I’ve said it before, but it’s worth saying again. We all know deep down that the current wave of generative AI is a bubble of hype, and some of us fear that it is a dangerous one.

If you doubt that, consider the sight of Sam Altman, entrepreneur superstar, breaking the news to the World Economic Forum in Davos, that the AI storm led by his vehicle OpenAI, is going to demand so much energy that we also need energy from his fantasy fusion startup Helion.

Davos is exactly the right forum for a statement like that. Once a year the super-rich get together in a ski resort, attended by elected and unelected world leaders, and examine their navels. January is normally a news desert, so the world is treated to their latest ideas about how they can save it through any means which happens to be the current fashion among the super-rich.

Microsoft says get on with it

OpenAI is now funded - let’s be honest, effectively owned - by Microsoft, which is building and bankrolling the vast cloud resources that ChatGPT wolfs down, and is ready to simply bring the whole thing in-house if anyone rocks the boat.

Microsoft is now worth $3 trillion, and CEO Satya Nadella got star treatment at Davos, granted an on-stage chat with Davos founder Klaus Schwab, and massive reporting of his thoughts on the technology - essentially, we have to plow on with doing it, while also setting up regulations for any unintended consequences.

While he was saying that, Altman was certainly bugging up the "doing it" agenda, talking of growth in AI so big it needs fusion.

It’s Microsoft that has given Altman's Helion credibility, by signing a power purchase agreement to take 50MW of power from the fusion firm company by 2028. Yes, five years to productize, and deliver a technology that doesn’t work, in a sector where permitting cannot possibly take less than ten years.

Altman is right about the energy demands. If we accept that we “need” generative AI, then generative AI certainly needs energy. Demands for current sites are now so large that data centers devoted to it are having to locate away from the traditional hubs, in places like Iceland, or Norway, or at the Edge. The traditional locations were already flooded with a giant boom. This is another boom on top of that.

And yes, I know that data center electricity use is still only a percentage point or two of overall electricity consumption, but we are pushing at efficiency limits, and the kind of growth predicted now could plausibly use as much power as the Netherlands within a few years. That prediction, from the Digiconomist's Alex de Vries, is based simply on Nvidia’s manufacturing and sales plans.

In that context, and in the fawning forum of Davos, a fantasy fusion project fits just right.

It’s only marginally more satirical than Del Complex, the teasing art-project which proposed giant AI barges performing AI miracles and tinkering with human intelligence, where the super-rich love to be, outside territorial waters. I’m Googling, and as far as I can tell, Del Complex wasn’t actually at Davos, but it was there in spirit.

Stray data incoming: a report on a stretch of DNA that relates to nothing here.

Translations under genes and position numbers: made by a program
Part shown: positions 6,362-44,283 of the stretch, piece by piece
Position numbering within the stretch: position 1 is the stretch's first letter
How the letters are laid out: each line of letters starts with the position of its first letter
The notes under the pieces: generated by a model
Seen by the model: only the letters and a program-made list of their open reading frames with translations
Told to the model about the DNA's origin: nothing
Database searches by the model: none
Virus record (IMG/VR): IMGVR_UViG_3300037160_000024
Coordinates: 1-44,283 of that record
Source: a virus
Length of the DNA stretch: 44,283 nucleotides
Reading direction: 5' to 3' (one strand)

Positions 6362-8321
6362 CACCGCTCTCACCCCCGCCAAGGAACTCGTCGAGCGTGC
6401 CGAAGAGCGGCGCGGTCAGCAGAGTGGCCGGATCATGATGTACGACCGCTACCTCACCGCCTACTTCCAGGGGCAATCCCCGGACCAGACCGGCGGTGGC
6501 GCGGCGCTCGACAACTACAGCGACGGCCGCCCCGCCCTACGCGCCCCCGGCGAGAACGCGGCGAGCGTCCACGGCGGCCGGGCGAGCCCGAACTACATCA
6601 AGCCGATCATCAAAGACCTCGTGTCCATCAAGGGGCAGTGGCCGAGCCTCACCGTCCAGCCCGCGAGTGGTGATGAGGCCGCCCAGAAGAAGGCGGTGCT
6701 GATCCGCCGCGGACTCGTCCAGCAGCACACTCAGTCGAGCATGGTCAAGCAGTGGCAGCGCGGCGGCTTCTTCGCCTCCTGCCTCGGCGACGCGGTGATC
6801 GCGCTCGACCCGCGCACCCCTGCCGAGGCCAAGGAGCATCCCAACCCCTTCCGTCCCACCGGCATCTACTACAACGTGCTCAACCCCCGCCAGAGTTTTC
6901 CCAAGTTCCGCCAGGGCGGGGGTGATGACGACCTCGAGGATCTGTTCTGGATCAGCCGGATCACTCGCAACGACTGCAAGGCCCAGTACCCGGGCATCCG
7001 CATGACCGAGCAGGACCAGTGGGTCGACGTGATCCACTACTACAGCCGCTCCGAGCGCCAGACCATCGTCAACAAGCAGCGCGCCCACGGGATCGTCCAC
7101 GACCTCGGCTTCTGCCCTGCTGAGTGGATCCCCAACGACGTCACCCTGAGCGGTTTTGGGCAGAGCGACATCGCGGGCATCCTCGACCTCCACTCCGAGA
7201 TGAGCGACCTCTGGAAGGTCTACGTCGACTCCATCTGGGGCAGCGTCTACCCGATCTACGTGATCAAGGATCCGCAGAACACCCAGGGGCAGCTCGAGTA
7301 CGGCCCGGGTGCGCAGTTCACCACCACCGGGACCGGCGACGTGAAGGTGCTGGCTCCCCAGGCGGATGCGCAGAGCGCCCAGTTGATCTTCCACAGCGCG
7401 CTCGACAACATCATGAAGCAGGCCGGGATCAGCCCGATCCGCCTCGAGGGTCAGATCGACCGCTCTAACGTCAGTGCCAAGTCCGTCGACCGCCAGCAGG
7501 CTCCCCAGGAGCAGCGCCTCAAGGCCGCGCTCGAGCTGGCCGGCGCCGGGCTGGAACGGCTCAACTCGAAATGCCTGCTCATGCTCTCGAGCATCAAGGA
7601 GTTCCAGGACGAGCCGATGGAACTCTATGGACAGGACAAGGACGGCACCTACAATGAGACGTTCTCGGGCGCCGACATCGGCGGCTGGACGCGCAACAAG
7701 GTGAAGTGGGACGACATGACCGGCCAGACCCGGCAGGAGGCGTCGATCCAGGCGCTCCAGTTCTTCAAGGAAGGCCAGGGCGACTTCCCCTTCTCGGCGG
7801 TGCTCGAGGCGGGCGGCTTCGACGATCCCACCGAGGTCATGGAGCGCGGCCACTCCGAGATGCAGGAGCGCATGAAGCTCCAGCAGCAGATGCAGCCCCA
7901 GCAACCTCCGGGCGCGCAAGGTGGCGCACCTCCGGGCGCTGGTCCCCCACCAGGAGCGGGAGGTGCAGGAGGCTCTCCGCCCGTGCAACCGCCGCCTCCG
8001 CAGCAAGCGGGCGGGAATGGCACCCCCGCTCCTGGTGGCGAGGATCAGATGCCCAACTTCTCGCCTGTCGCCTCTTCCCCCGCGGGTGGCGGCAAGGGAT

The industry likes to talk about net-zero, just as Davos devotees like to talk about ending excessive salaries and elitism. The reality might involve some real changes.

But wait, why?

Beyond the obvious worries about energy though, there is a real question: what are we doing with AI, and why?

This is a different question from the legislation Nadella is talking about, against consequences like the bogeyman of artificial general intelligence (AGI). That fear, boosted by the likes of Elon Musk, is actually a paradoxical part of the AI bandwagon.

The real dangers are subtly explored by AI researcher and Cambridge professor of interdisciplinary design Alan Blackwell in a book coming out this year called Moral Codes.

He makes some salient points right from the start. Computers were supposed to automate drudgery, but that hasn’t happened. Too many jobs now are “bullshit jobs” which do meaningless tasks, while generative AI is being groomed to do creative work, even though what generative AI actually does has been succinctly summed up by AI professor Rodney Brooks: “It just makes up stuff that sounds good.”

The information explosion is creating a surfeit of data, and the corollary of that is an attention deficit. Humans simply don’t have the cognitive capacity to understand and evaluate all the content and data that is being produced, so we need machines to do it for us, to read all the stuff we can’t and in a massively unreliable way, tell us about it.

“There are two ways to win the Turing Test,” says Blackwell. “The hard way is to build computers that are more and more intelligent, until we can’t tell them apart from humans. The easy way is to make humans more stupid, until we can’t tell them apart from computers.”

I’m still absorbing the thoughts in Blackwell’s book. At the very least, it’s a set of signposts towards dealing with the moral consequences of AI.

But while that moral work isn’t done, I really have doubts about the urgent need to press full steam ahead with the kind of giant AI projects we hear about so often.

Before the how, can we think about why?